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Comic Operas of Gilbert & Sullivan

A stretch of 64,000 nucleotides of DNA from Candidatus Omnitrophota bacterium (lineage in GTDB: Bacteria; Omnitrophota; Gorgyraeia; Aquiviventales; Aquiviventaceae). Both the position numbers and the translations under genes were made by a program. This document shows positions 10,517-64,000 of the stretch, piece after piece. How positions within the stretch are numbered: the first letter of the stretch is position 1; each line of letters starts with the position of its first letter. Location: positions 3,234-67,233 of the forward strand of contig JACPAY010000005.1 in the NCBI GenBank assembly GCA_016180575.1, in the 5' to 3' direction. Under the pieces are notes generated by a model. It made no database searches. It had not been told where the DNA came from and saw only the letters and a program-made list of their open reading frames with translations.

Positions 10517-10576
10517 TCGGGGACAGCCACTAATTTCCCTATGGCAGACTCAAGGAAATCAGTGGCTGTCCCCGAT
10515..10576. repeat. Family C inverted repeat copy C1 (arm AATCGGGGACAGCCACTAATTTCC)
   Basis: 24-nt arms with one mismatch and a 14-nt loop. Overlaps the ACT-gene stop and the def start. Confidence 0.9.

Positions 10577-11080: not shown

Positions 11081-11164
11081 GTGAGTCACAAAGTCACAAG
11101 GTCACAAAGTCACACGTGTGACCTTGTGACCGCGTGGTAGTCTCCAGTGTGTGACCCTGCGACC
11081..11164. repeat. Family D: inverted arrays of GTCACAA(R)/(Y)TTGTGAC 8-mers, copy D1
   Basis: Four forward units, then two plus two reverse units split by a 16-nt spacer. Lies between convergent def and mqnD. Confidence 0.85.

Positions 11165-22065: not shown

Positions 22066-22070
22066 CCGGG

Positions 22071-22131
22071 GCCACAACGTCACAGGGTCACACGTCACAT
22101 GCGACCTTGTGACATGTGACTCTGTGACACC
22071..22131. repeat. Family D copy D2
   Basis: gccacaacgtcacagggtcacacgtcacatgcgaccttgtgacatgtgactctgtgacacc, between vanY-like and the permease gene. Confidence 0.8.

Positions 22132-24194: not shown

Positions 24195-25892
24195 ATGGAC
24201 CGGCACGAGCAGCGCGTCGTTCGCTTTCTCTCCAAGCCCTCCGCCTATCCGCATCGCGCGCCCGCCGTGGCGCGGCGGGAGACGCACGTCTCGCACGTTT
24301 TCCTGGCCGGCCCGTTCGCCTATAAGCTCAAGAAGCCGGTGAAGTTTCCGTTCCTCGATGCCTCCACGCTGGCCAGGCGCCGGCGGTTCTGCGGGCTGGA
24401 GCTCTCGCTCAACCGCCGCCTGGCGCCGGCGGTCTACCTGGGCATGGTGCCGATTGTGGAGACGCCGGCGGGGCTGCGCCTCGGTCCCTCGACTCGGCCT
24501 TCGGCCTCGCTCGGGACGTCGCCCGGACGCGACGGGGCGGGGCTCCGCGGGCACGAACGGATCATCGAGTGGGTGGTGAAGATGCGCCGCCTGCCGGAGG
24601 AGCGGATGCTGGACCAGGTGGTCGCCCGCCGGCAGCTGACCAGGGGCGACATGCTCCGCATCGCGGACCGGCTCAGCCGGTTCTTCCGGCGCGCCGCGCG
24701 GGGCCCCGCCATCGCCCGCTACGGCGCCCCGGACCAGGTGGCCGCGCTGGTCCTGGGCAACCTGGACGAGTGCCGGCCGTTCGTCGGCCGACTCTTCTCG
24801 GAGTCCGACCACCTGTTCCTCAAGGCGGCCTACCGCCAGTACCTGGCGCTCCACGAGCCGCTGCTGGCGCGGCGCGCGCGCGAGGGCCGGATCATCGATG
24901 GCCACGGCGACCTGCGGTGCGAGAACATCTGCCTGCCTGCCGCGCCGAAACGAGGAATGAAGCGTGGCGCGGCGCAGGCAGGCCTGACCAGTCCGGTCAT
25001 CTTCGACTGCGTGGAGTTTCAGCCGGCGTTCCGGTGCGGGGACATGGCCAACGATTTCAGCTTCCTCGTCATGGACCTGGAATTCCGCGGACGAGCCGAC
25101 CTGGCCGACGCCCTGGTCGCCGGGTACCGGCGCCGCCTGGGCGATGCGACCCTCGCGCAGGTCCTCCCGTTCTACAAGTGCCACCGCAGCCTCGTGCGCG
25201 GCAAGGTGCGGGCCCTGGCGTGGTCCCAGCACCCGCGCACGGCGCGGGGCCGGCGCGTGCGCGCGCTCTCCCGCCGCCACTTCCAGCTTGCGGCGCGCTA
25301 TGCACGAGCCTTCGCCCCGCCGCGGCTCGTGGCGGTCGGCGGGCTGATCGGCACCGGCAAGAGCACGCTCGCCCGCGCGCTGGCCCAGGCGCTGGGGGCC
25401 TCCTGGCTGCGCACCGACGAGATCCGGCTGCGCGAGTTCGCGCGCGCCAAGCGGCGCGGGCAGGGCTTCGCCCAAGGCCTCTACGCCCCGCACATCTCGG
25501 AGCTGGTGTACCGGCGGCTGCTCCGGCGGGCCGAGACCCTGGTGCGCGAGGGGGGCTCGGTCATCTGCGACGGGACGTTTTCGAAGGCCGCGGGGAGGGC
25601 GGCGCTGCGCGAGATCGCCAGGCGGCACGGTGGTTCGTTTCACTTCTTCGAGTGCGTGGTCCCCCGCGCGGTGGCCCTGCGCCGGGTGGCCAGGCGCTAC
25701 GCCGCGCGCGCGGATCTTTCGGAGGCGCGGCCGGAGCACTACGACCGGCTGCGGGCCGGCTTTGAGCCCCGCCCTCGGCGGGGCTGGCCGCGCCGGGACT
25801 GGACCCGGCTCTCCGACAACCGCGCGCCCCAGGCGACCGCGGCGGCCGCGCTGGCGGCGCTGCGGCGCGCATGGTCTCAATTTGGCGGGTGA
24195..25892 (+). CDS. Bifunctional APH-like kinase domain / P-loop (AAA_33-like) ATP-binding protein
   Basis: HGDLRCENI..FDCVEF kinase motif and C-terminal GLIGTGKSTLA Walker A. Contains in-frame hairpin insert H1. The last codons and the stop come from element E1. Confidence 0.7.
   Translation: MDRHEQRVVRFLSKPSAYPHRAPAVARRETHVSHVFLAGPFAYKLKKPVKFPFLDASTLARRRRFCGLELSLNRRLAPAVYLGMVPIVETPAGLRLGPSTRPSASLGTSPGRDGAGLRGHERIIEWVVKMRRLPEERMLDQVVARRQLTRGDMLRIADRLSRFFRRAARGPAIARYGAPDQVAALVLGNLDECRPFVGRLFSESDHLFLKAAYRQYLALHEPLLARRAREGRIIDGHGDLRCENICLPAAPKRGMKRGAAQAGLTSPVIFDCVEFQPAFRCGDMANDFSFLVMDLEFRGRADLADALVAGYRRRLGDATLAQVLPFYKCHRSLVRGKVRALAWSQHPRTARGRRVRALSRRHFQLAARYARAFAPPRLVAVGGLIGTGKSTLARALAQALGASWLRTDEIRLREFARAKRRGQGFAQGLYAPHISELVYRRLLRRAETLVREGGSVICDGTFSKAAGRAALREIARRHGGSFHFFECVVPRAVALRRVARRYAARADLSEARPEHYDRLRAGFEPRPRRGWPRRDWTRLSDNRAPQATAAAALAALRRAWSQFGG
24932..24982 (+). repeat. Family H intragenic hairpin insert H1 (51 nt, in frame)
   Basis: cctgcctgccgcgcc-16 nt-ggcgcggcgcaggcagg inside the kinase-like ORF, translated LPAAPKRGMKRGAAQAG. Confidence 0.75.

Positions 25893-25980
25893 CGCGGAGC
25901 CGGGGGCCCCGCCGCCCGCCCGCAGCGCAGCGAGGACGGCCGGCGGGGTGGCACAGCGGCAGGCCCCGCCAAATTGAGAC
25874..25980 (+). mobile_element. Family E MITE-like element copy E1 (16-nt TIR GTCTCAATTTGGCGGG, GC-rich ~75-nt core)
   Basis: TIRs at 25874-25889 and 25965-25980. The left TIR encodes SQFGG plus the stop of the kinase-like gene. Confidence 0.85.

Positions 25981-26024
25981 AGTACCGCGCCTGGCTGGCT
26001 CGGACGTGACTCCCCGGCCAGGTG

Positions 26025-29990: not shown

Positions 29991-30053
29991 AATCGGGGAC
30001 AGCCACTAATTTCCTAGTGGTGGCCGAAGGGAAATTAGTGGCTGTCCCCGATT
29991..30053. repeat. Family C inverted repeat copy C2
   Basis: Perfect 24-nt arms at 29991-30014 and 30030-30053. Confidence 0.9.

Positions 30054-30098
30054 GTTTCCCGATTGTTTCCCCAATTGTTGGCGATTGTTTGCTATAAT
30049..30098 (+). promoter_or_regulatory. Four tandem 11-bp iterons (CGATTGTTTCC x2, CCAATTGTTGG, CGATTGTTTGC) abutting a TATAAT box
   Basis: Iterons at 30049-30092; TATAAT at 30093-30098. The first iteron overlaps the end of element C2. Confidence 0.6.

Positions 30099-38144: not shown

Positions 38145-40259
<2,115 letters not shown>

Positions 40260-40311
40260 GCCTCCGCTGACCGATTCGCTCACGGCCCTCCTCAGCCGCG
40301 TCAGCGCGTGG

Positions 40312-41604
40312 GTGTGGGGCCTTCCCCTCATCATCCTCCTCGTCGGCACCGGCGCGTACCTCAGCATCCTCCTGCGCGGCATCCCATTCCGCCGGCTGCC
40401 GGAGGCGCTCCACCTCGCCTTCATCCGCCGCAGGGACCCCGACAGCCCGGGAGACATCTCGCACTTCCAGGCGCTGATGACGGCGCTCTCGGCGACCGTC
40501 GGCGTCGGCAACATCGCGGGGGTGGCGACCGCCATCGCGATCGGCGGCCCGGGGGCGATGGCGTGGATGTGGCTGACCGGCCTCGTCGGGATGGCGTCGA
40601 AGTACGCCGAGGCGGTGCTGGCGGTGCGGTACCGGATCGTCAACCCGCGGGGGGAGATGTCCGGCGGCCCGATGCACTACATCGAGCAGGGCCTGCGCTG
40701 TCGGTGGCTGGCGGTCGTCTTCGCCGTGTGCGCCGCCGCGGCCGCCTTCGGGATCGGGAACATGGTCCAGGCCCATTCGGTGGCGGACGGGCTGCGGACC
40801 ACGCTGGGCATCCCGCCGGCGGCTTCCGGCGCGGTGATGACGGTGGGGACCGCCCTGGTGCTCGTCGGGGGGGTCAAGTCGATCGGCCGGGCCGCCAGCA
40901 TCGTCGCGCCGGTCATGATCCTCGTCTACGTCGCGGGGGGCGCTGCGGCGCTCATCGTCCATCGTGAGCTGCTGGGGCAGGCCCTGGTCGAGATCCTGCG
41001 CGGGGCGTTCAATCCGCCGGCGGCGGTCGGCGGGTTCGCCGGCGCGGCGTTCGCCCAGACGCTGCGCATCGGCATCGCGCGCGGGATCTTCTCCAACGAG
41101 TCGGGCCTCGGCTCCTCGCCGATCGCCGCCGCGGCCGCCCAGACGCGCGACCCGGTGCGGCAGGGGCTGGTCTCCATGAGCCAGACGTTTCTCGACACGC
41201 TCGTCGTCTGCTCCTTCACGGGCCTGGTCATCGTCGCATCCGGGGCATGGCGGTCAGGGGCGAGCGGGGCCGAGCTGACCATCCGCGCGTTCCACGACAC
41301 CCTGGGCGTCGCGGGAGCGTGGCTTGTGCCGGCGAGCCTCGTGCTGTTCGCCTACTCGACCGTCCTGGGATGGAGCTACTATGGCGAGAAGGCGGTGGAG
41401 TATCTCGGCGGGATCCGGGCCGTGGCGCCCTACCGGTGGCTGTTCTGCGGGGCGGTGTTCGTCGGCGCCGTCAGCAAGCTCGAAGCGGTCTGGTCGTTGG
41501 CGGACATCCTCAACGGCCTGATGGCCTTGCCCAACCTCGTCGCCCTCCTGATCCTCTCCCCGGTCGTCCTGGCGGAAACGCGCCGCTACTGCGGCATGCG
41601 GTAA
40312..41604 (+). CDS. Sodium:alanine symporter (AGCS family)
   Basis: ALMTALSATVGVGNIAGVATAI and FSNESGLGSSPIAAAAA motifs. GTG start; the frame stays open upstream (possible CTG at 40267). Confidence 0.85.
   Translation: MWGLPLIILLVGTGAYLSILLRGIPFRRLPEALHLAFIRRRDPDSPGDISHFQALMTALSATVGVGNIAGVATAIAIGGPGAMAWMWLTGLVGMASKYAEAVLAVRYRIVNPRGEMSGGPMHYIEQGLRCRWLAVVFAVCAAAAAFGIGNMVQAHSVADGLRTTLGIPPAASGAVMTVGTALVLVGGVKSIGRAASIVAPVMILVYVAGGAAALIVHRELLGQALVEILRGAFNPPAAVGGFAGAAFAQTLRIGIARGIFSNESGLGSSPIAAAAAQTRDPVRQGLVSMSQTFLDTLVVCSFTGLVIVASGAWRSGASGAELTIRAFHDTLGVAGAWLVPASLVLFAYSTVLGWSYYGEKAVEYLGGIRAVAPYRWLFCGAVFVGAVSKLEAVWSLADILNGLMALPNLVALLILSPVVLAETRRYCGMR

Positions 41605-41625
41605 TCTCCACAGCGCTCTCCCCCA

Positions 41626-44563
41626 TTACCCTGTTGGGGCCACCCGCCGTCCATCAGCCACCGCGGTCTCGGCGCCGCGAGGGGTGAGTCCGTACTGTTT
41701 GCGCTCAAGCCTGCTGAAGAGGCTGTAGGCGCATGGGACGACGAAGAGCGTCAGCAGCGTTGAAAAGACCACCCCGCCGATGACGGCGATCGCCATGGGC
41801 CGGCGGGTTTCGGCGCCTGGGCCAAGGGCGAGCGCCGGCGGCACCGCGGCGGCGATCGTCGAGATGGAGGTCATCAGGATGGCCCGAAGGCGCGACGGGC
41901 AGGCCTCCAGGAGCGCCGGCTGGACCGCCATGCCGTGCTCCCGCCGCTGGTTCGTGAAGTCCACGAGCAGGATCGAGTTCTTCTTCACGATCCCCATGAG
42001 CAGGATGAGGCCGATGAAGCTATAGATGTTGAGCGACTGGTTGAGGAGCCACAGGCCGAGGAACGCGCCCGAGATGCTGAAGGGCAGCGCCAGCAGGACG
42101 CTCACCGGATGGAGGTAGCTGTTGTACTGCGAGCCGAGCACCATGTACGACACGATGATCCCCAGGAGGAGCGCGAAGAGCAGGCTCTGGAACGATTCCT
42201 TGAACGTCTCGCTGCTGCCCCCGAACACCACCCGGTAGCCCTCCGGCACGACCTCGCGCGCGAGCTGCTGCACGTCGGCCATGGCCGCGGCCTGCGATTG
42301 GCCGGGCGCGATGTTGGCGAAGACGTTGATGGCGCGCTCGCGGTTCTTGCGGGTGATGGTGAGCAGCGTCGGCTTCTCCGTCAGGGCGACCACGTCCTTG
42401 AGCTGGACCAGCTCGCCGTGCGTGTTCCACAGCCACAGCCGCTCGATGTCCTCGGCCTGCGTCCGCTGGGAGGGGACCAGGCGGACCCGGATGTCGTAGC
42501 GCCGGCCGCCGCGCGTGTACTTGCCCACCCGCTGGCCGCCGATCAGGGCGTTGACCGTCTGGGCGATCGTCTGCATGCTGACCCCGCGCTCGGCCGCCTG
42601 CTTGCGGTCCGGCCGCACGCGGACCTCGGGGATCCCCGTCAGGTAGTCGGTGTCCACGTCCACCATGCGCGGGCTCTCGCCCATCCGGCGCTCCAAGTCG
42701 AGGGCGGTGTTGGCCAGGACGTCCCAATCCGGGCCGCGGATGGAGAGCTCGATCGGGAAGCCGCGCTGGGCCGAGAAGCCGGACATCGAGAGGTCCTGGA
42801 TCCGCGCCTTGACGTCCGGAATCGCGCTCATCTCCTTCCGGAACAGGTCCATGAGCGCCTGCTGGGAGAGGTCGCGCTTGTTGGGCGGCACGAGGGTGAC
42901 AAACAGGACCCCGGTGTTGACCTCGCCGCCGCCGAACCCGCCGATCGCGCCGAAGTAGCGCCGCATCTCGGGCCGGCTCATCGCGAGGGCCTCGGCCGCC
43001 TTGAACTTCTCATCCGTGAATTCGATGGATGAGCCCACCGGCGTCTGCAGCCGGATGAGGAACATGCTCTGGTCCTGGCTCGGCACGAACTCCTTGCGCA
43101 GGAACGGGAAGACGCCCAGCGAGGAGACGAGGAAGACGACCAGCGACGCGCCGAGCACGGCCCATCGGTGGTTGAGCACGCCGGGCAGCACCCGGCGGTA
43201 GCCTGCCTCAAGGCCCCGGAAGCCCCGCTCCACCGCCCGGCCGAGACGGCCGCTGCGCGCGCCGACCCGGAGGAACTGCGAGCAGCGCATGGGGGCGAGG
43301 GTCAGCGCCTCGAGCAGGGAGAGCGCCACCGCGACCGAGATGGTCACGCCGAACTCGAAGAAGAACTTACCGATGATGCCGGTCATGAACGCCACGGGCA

John Prescott, PhD The comic operas of Gilbert and Sullivan were the Beach Blanket Babylon of Victorian London. This class will explore these operas as masterworks in their own right as well as the way in which they affectionately poke fun at the musical, social and political world of their time and place. The composer Sir Arthur Sullivan created multiple levels of musical parody referring to the music from renaissance madrigals to Japanese marches. No person or institution, from the Queen herself, to the Royal Navy, to the church, to the class system, was safe from the sharp-witted satires of W.S. Gilbert who wrote the sparkling words to these operas. We will learn about what made these operas so topical and explore how and why they have stood the test of time. No previous musical experience is necessary for this class. Come, listen, learn, and join in the adventure. Week 1. The beginnings of the great collaboration: Trial by Jury Week 2. H.M.S. Pinafore: Hilarity on the high seas. Week 3. The Pirates of Penzance: or The Slave of Duty. Week 4. The Mikado: Issues of cultural sensitivity in modern staging. Week 5. The Yeoman of the Gard: Gilbert and Sullivan’s move towards serious opera Week 6. The Gondoliers: Making a mockery of monarchy. John Prescott received his Ph.D in Music History and Literature from the University of California, Berkeley. He wrote his doctoral dissertation on John Stanley, the 18th-century blind organist, conductor, violinist, and impresario. His academic honors include post-graduate study in music as a Marshal Scholar at St. John’s College, Cambridge University, England. In addition to delivering pre-concert lectures, program notes, and for musical performance groups throughout the Bay Area, he has taught at UC Berkeley and at The Crowden School in Berkeley, OLLI at UC Berkeley as well as OLLI at SF State, and was the musicologist for the San Francisco Elderhostel Arts and Humanities Program.